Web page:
#2 East Johor-Tanjung Sutera Dinosaur Trail

The highlight of our trip to Tanjung Sutera (please see my first post) was venturing through the beachside rocks formed by ash and molten lava that had erupted from an underwater volcano on the South China sea millions of years ago. This was a 2 1/2 km Dinosaur trail and one of the most fascinating formations I’ve seen. Each rock had its own unique features- with vibrant colors that date back to the Triassic age – even before the Jurassic age, when dinosaurs roamed the earth.

Each rock was also teeming with marine life- sea cucumbers, crabs, barnacles, hermit crabs, and creatures I could not recognise! Just like I said in the previous post, it was a totally new ecosystem for me to explore. We actually went to the rocks every day we stayed in Tanjung Sutera, so this is the compilation of the photos of all the days. The first day, we completed the entire trail, but the rest of the days we just explored some rocks and listened to the sea.

We went down the path from the resort to the trail. Most people would just hang around near the beginning of the trail and not venture too deep as the rocks were slippery. But my family, being more adventurous, went through the whole trail to Tahan beach at the end and returned by the main road through the oil plantations back to the resort.

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On the way down the path, we saw this beautiful beetle which was brown but had a whitish upper body:

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Look at this cute crab which was staring at me as it scuttled behind the rocks for safety!

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These rocks were so narrow and straight. We had to balance on it just like a tight rope! It lead to this huge slab of rock where we sat and enjoyed the view of the sea.

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The rocks were filled with these shells, and I think they were of the hermit crabs. I saw a few moving underwater and found three of them fighting with each other.
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Just look at the bright colours of this hermit crab below, with lovely blue pincers and red eyes that pop out from inside the shell. Below are clusters of the Planaxis snails.

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Some beautiful colored rocks. What lovely art Nature makes.

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While climbing one of the rocks, we felt a big movement and looked into the water pool to see a huge red crab which was intently staring at us.  I’m not very familiar with crab names and couldn’t find the species, even though I went through Ria Tan’s and Alan Yeo’s Guidebook to Chek Jawa. Ria Tan helped me identify the species. This one is the Spotted-belly forceps crab:

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There were a lot of mudskippers as well, but they looked different from the ones I’ve seen in Sungei Buloh in Singapore. They had stripes, were smaller, and I think they are the Silver-lined MudskippersPeriophthalmus argentilineatus) :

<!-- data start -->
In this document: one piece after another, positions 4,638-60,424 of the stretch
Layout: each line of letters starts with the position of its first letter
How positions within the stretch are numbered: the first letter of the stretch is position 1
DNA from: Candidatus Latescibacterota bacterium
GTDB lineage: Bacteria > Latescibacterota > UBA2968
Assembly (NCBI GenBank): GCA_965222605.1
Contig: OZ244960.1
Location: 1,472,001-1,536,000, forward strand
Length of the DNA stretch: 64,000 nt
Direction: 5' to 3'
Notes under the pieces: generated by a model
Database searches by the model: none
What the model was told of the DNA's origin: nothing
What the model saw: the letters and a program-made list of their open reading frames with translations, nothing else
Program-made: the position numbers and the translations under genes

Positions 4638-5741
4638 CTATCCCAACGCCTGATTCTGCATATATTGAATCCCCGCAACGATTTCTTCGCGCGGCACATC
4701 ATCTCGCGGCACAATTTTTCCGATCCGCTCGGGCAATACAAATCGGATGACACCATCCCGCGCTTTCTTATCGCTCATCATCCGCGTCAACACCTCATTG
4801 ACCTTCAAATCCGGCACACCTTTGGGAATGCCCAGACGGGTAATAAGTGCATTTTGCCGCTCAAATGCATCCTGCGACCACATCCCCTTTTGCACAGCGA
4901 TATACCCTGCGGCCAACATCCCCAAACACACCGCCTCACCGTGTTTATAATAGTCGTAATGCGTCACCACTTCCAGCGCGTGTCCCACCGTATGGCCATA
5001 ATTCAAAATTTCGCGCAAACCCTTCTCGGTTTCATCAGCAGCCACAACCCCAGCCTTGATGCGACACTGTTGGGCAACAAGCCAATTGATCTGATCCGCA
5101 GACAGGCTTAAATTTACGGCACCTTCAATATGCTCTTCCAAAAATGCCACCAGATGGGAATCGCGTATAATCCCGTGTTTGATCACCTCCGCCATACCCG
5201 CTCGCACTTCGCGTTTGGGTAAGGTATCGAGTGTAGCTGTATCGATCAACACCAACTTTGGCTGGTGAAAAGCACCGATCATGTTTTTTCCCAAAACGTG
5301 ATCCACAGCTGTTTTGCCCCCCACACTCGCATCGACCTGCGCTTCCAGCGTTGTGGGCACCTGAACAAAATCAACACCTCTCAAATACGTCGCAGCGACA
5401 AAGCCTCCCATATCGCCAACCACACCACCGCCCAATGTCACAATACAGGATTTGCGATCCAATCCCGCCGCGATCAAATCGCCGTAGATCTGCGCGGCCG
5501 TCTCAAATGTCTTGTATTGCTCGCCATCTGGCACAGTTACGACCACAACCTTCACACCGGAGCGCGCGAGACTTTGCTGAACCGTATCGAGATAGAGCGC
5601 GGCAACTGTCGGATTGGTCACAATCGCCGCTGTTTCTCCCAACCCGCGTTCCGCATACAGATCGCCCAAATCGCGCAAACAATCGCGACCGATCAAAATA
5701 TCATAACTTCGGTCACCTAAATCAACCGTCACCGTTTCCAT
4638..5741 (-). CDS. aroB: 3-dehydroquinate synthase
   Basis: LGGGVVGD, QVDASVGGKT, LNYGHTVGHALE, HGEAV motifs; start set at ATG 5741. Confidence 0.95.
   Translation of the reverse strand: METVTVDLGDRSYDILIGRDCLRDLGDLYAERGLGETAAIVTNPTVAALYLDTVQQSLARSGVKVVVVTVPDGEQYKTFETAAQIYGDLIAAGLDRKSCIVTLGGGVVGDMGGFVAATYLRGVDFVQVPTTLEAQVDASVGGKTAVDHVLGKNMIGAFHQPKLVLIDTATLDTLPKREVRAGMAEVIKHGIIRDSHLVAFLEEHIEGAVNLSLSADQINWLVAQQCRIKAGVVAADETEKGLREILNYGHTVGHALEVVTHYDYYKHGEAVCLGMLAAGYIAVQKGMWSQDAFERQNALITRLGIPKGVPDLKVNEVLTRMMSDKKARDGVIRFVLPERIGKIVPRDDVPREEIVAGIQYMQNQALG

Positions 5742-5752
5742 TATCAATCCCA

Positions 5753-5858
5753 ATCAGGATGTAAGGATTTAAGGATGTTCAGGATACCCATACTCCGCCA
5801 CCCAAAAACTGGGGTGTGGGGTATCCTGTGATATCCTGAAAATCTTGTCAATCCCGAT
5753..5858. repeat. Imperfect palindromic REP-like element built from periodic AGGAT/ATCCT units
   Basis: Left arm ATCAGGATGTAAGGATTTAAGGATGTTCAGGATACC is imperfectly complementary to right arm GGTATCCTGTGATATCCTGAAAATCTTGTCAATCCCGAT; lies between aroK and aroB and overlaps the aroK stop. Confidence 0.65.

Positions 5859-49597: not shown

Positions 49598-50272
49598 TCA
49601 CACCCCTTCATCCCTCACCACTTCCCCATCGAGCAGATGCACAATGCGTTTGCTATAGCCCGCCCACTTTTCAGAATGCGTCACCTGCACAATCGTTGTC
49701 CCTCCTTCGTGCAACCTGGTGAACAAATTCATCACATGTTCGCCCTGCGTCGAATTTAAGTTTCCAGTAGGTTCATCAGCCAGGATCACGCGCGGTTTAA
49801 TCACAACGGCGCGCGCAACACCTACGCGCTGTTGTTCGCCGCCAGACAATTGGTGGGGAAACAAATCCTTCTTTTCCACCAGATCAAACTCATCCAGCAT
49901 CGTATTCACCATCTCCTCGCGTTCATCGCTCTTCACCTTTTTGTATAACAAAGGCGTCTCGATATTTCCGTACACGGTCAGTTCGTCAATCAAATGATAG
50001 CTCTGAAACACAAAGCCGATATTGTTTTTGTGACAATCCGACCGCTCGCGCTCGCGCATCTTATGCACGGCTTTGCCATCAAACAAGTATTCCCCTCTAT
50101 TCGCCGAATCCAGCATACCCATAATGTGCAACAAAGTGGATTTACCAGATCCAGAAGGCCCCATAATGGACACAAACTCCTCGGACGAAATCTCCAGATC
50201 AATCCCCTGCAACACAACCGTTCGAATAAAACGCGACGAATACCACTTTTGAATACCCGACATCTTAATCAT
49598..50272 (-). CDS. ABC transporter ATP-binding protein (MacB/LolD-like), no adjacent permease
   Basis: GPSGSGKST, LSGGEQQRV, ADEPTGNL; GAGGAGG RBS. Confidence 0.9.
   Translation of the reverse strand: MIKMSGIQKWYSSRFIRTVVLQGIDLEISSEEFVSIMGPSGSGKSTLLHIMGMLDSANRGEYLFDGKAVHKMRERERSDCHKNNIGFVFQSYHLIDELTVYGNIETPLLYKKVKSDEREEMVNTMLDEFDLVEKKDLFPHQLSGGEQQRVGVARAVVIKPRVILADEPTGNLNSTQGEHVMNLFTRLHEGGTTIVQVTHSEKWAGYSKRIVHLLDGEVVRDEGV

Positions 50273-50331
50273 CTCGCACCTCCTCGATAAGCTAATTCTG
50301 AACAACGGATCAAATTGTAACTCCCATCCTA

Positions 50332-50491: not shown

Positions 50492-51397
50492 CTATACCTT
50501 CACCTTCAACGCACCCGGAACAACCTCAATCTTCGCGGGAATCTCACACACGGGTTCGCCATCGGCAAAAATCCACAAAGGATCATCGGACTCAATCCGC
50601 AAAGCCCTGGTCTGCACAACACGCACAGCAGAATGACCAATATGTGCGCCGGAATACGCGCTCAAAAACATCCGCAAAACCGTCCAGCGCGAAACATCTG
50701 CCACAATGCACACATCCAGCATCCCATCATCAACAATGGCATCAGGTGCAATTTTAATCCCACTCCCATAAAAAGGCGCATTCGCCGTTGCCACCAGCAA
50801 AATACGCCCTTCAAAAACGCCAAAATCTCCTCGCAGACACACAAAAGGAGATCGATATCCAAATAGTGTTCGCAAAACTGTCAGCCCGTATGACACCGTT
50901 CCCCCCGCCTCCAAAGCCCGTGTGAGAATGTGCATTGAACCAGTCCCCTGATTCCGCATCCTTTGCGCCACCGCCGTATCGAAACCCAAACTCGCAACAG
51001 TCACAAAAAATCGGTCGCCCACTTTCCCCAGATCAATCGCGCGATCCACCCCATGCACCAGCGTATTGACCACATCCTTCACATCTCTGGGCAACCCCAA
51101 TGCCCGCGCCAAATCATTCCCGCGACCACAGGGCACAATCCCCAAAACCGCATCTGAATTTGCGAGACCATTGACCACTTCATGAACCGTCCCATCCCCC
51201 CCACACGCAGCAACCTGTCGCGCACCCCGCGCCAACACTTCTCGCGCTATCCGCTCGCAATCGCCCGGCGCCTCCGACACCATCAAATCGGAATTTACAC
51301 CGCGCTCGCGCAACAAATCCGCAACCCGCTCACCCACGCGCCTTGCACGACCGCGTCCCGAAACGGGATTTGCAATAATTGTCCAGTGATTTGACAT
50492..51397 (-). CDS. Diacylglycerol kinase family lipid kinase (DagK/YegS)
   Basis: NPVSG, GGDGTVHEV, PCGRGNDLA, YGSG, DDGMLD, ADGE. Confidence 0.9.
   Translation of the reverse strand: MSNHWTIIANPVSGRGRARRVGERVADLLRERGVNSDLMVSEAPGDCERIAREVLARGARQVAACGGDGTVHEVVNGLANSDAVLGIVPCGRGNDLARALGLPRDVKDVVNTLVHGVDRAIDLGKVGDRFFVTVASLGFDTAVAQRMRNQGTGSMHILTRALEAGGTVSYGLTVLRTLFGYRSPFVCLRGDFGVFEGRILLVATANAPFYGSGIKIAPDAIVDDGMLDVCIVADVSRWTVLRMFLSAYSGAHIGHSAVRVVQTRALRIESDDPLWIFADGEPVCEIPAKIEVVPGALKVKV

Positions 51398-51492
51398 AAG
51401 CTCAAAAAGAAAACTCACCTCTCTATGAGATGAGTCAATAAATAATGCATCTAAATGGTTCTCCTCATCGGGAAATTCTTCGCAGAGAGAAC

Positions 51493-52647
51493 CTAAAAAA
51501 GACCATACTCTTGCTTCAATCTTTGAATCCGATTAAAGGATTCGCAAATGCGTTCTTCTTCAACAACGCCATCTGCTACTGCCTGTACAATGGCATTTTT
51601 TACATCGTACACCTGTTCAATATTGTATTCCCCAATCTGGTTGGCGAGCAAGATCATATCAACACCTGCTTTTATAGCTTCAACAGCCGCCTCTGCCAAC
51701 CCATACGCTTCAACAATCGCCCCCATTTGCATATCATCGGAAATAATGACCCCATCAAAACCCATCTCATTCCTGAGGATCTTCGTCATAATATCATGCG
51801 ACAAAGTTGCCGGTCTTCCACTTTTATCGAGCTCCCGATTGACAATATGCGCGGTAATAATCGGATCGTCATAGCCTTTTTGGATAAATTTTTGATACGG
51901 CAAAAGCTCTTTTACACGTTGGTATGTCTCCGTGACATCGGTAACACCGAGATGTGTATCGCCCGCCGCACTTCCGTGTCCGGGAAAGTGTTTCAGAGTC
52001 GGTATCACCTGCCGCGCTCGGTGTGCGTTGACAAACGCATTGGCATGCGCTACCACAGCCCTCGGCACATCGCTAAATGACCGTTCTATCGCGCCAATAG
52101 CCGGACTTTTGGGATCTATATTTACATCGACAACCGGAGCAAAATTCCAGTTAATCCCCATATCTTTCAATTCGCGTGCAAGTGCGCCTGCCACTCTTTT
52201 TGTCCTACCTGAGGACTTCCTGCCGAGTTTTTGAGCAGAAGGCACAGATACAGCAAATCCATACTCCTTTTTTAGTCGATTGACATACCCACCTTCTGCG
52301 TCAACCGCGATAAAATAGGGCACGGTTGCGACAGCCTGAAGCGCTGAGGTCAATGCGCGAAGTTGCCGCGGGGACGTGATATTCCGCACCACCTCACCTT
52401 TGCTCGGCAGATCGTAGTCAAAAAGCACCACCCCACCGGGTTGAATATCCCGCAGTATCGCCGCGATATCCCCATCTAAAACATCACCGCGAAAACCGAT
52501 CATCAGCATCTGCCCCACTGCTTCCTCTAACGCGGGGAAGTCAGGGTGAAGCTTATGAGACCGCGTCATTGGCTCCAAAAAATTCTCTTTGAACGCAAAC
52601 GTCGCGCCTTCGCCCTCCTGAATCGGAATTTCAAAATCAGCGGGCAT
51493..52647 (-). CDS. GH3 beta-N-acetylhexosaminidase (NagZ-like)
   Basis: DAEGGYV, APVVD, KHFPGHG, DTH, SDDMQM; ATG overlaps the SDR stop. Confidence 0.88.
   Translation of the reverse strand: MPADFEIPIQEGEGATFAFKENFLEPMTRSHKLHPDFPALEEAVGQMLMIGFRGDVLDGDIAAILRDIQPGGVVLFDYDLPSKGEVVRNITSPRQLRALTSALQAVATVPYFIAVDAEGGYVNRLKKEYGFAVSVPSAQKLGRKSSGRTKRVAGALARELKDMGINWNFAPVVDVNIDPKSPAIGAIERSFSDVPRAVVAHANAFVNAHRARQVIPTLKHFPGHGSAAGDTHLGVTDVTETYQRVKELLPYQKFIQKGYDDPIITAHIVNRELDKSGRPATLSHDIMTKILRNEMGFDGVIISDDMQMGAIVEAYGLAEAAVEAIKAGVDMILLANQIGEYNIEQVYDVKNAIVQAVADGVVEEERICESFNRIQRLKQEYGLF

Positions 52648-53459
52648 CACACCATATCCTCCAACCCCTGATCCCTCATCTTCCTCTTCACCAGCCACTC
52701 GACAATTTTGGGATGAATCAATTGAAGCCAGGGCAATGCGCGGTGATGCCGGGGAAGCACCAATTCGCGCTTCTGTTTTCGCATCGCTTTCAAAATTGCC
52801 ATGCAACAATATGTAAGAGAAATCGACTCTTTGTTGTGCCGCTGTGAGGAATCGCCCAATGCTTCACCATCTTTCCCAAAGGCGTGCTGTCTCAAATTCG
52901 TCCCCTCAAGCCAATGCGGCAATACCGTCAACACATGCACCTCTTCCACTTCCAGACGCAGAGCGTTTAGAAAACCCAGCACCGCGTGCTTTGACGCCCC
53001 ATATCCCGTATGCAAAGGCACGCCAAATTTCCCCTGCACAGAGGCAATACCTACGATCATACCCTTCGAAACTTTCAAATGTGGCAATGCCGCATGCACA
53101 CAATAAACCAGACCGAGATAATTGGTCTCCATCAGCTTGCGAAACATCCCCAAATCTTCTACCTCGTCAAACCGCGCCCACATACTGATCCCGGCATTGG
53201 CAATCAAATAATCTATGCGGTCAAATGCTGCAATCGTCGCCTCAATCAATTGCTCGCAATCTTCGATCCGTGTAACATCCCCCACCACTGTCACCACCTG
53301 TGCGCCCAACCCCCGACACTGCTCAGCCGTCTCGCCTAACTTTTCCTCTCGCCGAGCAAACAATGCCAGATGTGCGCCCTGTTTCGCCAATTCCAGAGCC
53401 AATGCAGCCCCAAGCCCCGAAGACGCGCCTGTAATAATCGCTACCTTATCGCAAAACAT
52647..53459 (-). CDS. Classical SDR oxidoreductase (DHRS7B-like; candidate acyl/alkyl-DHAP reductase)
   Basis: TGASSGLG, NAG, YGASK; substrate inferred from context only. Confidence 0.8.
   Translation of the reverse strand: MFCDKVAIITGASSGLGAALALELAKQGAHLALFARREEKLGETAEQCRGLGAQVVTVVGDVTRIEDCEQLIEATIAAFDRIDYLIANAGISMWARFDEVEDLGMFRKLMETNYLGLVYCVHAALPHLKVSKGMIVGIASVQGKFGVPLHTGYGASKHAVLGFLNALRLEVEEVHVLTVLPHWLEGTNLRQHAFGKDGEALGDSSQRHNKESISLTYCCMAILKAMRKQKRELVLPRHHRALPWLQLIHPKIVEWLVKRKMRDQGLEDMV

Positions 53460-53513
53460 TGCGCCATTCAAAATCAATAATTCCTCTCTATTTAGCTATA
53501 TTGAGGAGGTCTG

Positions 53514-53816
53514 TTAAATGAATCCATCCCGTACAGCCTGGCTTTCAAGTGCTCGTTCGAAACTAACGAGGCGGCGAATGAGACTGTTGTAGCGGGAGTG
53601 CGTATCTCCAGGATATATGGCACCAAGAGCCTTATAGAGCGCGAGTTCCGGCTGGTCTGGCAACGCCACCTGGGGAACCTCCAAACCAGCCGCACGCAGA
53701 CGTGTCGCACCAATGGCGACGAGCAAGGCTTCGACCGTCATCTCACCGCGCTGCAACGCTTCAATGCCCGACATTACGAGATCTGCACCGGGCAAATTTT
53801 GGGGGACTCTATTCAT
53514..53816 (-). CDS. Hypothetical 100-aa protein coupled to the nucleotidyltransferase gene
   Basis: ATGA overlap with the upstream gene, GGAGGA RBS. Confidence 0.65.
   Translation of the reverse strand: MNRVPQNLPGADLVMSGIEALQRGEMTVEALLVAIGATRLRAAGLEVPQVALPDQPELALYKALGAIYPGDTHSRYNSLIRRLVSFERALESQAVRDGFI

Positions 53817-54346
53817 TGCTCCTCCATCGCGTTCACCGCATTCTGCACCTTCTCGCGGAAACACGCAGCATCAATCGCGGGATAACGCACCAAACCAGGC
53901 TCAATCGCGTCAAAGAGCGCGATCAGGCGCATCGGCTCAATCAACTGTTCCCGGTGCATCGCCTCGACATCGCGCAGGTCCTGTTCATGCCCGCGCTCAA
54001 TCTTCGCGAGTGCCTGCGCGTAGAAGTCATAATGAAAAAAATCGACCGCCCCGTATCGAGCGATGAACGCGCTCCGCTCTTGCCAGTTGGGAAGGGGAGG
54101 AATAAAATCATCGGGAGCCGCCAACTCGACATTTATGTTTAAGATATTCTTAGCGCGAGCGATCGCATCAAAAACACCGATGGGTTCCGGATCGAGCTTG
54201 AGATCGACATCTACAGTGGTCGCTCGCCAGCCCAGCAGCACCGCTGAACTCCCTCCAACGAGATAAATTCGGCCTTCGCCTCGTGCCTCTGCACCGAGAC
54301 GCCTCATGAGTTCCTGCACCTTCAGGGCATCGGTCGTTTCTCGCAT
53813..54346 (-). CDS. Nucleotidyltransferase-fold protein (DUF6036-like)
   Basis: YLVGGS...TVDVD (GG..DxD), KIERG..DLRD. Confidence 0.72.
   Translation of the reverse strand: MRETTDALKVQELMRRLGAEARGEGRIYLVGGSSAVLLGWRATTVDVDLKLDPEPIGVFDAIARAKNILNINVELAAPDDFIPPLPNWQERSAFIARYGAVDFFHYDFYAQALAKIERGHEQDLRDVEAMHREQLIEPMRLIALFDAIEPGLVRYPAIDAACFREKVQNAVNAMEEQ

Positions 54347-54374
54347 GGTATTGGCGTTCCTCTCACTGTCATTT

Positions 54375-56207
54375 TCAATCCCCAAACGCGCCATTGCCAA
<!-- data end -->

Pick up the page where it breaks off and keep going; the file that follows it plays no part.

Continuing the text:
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I saw these birds twice- once bathing in a rock pool, and another time sitting on a tree. I’m not sure of the species, but I think it is the Olive-winged bulbul (Pycnonotus plumosus):

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Some more crabs that were scuttling around:

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In the middle of the trail, we also spotted on one of trees along the beach, a blue- throated Bee-eater (Meros viridis) that was feeding on a bee. It was actually my first time seeing a bee-eater!

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In this cave-like rock formation we decided to go in and explore. The rocks were very slippery. But in the water we saw these two beautiful corals- one was shaped like a flower and the other like a strawberry! I think that it’s a brain coral.

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In between the rocks, water from the sea had flooded in, allowing marine life to adapt to both land and water.  The amazing thing was to watch the tides go high and low. In the mornings, most of the rocks would disappear with high tide, while in the evenings, the tides would go down and the rocks would pop up again. I wondered where all the water went.

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This is a sea cucumber:

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Other interesting things we saw on the trail include:

This brilliant green algae which looked as if it would glow in the dark. These are the Green gum drops acsidians: 

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These spiny organisms:

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This tube-like organism which had I thought had antlers like a sea anemone. Turns out it is a type of sea cucumber, known as the Black long sea cucumber.

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These small and slimy button-like creatures that were the Banded bead anemones:

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Thanks again to Ria Tan for helping me to identify the species!

After that, we reached the end of the trail, on the beach near the main road. It was such an amazing experience! I had discovered and learnt about a lot of marine life. Even though climbing some rocks was a bit tricky, it was still a great learning experience.

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I can’t wait to go again, because each time you walk along the beach, there’s something new to find!

Lavanya Prakash

Blog- https://mynatureexperiences.wordpress.com/
Twitter- https://twitter.com/MyNatureExp
Facebook page- Mynatureexperiences
Email- mynatureexperiences(at)hotmail.com

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